July 24, 2017
Paulist Fr. Rich Andre preached this homily for the 16th Sunday of Ordinary Time on July 23, 2017 at St. Austin Parish in Austin, TX. The homily is based on the day’s readings: Wisdom 12:13, 16-19; Psalm 86; Romans 8:26-27; and Matthew 13:24-43.
We hear three more of Jesus’ parables today. Remember: a parable is a story with an unexpected twist that’s supposed to jolt us out of our complacency. So, allow me to quickly relate the punchlines that we might have been expecting for each of these parables:
- The householder told his slaves: “We’ll probably lose a big percentage of our harvest, but it’s important not to have any weeds mixed in with the wheat.”
- The mustard plant immediately collapsed under the weight of a sparrow. It may have been an especially sturdy mustard plant, but what were you expecting?
- The woman provided all the matzah for the village Passover celebration that year, since the yeast wasn’t nearly enough to leaven the entire batch of flour!
But those are not how the stories end. The point of these parables is that our God is a God of love and mercy, inviting us forward into a future more wonderful than anything we can imagine!
According to Matthew, the gospel story is primarily a conflict between two kingdoms: the kingdom of heaven and the kingdom of Satan. For example, the Sermon on the Mount explains how we can enter the kingdom of heaven. Things come to a head in Matthew’s gospel just before today’s passage when some Pharisees accuse Jesus of being in league with the demon Beelzebul. Why is this accusation such a big deal to Matthew? It seems like a ridiculous charge.
But in our current political climate, plenty of Americans are accusing people who disagree with them of being in league with the devil. I see usually-polite friends on social media using such hateful terms to describe other people as “Libtards” or “Nutjobs.” But when we resort to such hate-filled speech, I don’t think any of us are building the kingdom of heaven.
We often describe the members of Matthew’s community as being “Jewish Christians,” but such a label wouldn’t have made sense to Matthew. Judaism was going through a time of great upheaval, when different factions were arguing over the future direction of Judaism: Pharisees, Sadducees, zealots, Essenes, and Herodians, to name a few. Matthew’s community were another group of Jews claiming to understand God’s vision for Judaism. The Pharisees’ accusation of Jesus being in league with Satan would have resonated strongly with Matthew’s community, because Pharisees had probably accused them of being in league with Satan, too!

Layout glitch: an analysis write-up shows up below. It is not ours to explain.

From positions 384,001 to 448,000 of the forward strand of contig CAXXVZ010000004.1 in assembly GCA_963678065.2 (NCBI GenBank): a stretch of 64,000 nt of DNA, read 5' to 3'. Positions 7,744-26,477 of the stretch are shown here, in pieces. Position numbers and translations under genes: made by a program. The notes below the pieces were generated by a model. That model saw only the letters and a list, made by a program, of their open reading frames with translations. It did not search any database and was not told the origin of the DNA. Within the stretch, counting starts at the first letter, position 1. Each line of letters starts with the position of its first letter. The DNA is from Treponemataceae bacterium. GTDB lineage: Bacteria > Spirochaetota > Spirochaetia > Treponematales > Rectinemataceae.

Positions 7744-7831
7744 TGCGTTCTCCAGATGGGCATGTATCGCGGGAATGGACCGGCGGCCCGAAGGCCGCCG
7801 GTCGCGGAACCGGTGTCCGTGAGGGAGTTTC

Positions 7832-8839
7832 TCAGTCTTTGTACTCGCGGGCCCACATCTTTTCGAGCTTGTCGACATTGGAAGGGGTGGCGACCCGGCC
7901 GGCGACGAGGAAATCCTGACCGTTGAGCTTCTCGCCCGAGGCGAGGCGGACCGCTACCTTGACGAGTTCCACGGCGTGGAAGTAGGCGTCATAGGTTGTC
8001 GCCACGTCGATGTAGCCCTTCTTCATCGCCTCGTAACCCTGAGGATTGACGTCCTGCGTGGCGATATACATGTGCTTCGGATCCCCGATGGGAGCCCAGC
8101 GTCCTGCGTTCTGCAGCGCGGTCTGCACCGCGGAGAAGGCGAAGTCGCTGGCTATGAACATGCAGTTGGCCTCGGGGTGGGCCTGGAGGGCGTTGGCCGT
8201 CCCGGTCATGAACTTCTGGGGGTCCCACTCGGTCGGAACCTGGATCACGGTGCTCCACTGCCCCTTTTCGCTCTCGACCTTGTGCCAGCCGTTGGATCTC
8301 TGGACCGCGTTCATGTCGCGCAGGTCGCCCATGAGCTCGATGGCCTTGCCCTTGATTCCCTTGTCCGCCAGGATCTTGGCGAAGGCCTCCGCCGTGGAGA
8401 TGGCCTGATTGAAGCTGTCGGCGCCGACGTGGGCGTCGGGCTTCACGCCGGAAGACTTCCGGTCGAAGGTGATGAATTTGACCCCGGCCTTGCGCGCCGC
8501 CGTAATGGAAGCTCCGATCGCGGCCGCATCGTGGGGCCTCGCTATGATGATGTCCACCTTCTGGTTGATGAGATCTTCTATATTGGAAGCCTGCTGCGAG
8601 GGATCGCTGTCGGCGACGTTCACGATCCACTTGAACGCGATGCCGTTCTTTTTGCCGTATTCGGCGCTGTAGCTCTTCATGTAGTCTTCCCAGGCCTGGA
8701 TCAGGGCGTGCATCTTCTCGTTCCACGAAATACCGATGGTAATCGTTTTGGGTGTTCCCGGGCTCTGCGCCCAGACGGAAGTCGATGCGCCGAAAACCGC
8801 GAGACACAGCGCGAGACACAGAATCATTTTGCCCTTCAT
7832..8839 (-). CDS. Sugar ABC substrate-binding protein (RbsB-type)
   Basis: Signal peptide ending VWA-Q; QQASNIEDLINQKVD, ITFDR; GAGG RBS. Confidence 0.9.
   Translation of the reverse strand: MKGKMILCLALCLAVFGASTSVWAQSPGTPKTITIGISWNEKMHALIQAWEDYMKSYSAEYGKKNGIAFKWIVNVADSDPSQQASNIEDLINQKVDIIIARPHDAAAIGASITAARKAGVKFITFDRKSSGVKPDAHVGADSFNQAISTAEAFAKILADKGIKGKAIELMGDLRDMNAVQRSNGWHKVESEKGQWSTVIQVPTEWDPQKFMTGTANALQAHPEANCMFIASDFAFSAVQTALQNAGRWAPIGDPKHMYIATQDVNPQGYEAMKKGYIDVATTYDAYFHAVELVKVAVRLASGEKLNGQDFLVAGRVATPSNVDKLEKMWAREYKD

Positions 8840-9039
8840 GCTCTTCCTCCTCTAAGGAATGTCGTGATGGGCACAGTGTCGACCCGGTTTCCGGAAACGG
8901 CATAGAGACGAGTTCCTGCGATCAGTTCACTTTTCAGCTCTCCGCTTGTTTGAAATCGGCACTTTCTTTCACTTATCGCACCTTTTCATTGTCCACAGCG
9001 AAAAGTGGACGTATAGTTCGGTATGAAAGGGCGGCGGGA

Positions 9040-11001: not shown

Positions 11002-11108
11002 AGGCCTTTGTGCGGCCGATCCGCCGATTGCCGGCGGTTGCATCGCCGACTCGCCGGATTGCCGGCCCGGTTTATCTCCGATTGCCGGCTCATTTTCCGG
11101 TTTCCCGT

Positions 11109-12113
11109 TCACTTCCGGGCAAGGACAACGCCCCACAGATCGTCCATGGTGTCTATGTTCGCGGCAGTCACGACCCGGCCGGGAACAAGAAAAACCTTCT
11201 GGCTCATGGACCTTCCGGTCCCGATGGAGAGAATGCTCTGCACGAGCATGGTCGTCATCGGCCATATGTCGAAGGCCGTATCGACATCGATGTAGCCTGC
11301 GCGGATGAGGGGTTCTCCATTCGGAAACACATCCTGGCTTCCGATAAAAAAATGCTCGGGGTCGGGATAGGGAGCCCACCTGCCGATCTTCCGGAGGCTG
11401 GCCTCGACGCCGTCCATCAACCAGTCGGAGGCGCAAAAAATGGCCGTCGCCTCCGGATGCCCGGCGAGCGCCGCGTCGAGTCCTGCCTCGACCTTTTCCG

The parable of the wheat and the weeds echoes a theme that shows up repeatedly in Matthew. Both trees and people can produce good fruit or rotten fruit. The kingdom of heaven is like a net that catches both good and rotten fish. But it was NOT the job of the members of Matthew’s community to determine which Jews belonged to the kingdom of heaven and which ones belonged to the kingdom of Satan. Their job was to live out the Beatitudes.
We simply don’t have the ability to accurately determine who will be part of the harvest and who will be a weed. And that ties in with our other two parables today. Jesus tells us that the kingdom of heaven is more powerful than we can imagine, even though we can’t see it right now. The Greek verb used to describe what the woman does with the yeast is not mix, but hid. She takes a tiny amount of yeast – almost impossible to see in almost nine gallons of flour, and yet that yeast allows all the dough to rise, to feed over 100 people. Mustard seeds are miniscule things, and no one in Jesus’ world ever saw a 10-foot mustard plant, let alone one that could support a bird’s nest.
Each of us has the potential to build the kingdom of heaven. As one friend of mine posted on social media this week: “It only takes a little imagination to picture a scenario where the person you disagree with isn’t a complete evil [jerk]. It seems that many many people lack this basic imagination.”
We can’t imagine three-quarters of an ounce of dry yeast leavening nine gallons of dough. If we knew more about mustard plants, we probably wouldn’t be able to imagine a single mustard seed producing a plant strong enough to allow birds to nest in it. But Jesus challenges us to believe those who disagree with us may still be able to build the kingdom of heaven. And if we don’t think that we possess that “basic imagination” to give others the benefit of the doubt, we simply need to ask the Holy Spirit to intercede for us with inexpressible groanings, asking God for faith the size of a mustard seed.
The kingdom of heaven will likely accommodate Sadducees and Pharisees. Zealots and Herodians. Republicans, Democrats, Libertarians, and Socialists. Our job is to live out the Beatitudes. God will judge each of us at the end of the age by the fruits that we produce.